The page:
New tax policy regulates cross-border e-commerce
Ioften receive short messages from Tmall.com’s online retailers these days, which say “grasp the last chance to click for more cross-border purchases at the current price until April 8 when a newtax system on cross-border e-commerce sales will become effective”.
The new taxation policy, announced by the Ministry of Finance, the General Administration of Customs and the State Administration of Taxation last week, led to a heated debate in my office. Some of my colleagues said they hadn’t made any crossborder purchases because many online retailers were neither honest nor offered good post-sales services.
Many customers have shared their poor experiences on the Internet on how they were cheated by cross-border retailers.
However, I don’t believe retailers will cheat customers every time. Howthen could the country’s crossborder e-commerce and overseas consumption have reached hundreds of billions of yuan a year?
I am quite unique in the eyes of some of my colleagues as I told them I had done cross-border shopping many times and seldom had an unpleasant experience. My experience is to make sure you are very familiar with the brands, prices and packaging of the products that you want to buy online, and don’t forget to refer to other shoppers’ comments.
In fact, I amamong the hundreds of millions of Chinese consumers who often click for cross-border shopping.
I confess I will be quite annoyed if I have to pay much more for cross-border shopping on platforms as Tmall or JD because of the new taxation policy.
A major reason that makes me keep doing cross-border shopping is that it is economical to buy dietary supplements from online crossborder retailers. The online price of a bottle of Nature’s Bounty Calcium softgels, which is branded and made in the United States, is 50 yuan ($7.6) to 100 yuan cheaper than that in bricks-and-mortar stores on average.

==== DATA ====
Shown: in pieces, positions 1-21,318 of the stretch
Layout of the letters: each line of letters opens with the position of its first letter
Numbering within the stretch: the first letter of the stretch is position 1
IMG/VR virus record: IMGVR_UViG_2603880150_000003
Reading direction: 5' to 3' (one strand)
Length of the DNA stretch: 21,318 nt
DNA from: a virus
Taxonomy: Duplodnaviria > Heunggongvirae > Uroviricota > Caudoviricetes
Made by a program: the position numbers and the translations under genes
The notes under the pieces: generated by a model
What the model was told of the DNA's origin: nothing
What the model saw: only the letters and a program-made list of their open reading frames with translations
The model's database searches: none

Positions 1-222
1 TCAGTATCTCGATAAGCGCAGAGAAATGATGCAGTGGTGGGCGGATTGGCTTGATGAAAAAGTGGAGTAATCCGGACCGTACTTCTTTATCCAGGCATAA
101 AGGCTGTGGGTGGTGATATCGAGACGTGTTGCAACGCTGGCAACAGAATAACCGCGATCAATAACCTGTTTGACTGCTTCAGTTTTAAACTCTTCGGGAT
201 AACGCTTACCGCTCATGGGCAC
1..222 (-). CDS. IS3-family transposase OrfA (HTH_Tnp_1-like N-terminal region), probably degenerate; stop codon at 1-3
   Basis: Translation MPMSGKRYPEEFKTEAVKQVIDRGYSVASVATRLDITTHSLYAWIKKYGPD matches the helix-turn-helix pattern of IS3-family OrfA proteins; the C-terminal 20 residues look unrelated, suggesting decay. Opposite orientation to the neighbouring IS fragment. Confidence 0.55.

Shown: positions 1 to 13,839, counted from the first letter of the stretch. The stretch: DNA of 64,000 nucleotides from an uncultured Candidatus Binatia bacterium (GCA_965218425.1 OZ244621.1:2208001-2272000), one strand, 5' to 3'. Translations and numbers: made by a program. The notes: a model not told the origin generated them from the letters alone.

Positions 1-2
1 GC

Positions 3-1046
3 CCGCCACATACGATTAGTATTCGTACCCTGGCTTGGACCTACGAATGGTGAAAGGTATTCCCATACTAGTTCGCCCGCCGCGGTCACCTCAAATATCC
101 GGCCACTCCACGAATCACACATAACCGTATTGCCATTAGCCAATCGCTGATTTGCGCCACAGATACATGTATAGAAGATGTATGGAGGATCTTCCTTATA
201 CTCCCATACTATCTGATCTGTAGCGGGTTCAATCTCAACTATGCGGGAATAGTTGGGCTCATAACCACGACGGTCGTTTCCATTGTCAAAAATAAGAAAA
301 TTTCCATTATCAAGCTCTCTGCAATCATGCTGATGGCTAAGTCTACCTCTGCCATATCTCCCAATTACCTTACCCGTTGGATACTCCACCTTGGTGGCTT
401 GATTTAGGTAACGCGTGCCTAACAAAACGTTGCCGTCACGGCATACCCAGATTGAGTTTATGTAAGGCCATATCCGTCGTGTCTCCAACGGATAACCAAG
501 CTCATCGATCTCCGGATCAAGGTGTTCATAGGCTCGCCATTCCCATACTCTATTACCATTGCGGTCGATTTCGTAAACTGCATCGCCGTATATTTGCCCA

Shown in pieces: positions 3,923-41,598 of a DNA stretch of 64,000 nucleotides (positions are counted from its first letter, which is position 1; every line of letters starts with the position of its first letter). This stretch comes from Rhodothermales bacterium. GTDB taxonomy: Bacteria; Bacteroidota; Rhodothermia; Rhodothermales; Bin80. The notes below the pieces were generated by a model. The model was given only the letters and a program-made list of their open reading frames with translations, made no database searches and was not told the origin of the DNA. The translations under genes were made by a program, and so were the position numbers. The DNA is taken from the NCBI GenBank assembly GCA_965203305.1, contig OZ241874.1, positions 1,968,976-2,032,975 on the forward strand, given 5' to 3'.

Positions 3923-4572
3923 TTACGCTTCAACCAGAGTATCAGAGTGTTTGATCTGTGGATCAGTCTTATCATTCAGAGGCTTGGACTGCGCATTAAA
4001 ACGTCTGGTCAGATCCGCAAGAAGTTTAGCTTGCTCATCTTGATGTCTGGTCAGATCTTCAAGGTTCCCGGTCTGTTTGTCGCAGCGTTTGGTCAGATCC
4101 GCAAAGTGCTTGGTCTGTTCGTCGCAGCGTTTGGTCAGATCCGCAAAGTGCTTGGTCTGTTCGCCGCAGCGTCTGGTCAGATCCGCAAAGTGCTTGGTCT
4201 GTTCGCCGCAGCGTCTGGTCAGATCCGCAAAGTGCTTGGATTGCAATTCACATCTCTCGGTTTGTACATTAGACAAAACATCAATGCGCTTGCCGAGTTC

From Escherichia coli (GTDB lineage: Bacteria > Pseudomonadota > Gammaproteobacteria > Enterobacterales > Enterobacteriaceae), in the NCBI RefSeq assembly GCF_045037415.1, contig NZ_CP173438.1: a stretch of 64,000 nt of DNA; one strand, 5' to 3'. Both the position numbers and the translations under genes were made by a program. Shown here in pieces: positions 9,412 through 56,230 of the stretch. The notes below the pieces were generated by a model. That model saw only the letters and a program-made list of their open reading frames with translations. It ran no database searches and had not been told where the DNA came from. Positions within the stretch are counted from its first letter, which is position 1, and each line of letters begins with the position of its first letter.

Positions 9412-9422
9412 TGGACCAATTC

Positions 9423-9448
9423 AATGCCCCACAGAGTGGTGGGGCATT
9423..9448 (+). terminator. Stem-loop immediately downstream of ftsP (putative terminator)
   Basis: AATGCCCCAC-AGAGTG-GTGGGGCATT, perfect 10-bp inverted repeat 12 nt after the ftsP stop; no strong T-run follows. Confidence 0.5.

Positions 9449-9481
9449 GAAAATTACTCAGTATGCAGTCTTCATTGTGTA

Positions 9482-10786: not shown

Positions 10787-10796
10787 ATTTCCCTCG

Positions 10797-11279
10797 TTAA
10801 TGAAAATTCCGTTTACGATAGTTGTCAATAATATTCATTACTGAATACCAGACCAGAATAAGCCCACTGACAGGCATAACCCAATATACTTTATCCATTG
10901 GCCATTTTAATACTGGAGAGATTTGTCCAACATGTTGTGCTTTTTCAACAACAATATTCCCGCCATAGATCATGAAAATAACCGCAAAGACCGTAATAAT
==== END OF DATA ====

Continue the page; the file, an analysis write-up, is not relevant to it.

According to China’s current taxation system on personal postal articles, goods with taxes under 50 yuan are exempt from customs duties.
China now levies personal postal articles tax on imported goods, which are under 1,000 yuan, and the tax rate is generally 10 percent. So, in this case if I did a cross-border purchase of Nature’s Bounty’s calcium and fish oil products at a total price of 499 yuan on Tmall, the tax would be only 49.9 yuan so that I can enjoy duty-free treatment, according to the current tax policy.
This is why the cross-border e-commerce is quite popular compared with offline imports, as the tax burden level is relatively low.
As more people demand overseas goods, many online purchasing agents have taken advantage of the personal postal article tax, ditched the old way of wholesaling and adopted new methods such as repackaging and mailing products separately to seek customs exemption.
Official statistics showed that in 2014, Chinese shoppers’ purchases of imported goods online reached 476.3 billion yuan, however, the personal postal articles tax was under 1.3 billion yuan, which means a big loss of tax revenue to State coffers.
As Chinese customers’ overseas shopping spree and the cross-border e-commerce craze are spread from cities to the countryside, despite a 7 percent decrease in China’s foreign trade in 2015, the growth rate of the cross-border e-commerce increased more than 30 percent.
As a result, the implementation of the newtax system, which will come into effect on April 8, will offer cross-border businesses as well as traditional retailers a more fair competition mechanism.
Although the newpolicy means that I might have to pay extra taxes formy future cross-border shopping, it is indeed a good thing for the national economy.
At the same time, the policy will also help clean up the country’s e-commerce of illegal activities, so that more consumers will believe that online purchases of overseas goods are safe, thus promoting the further sound development of the e-commerce industry.
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A post office worker sorts cross-border e-commerce parcels that have passed customs and quarantine checks in Jinan, capital of Shandong province.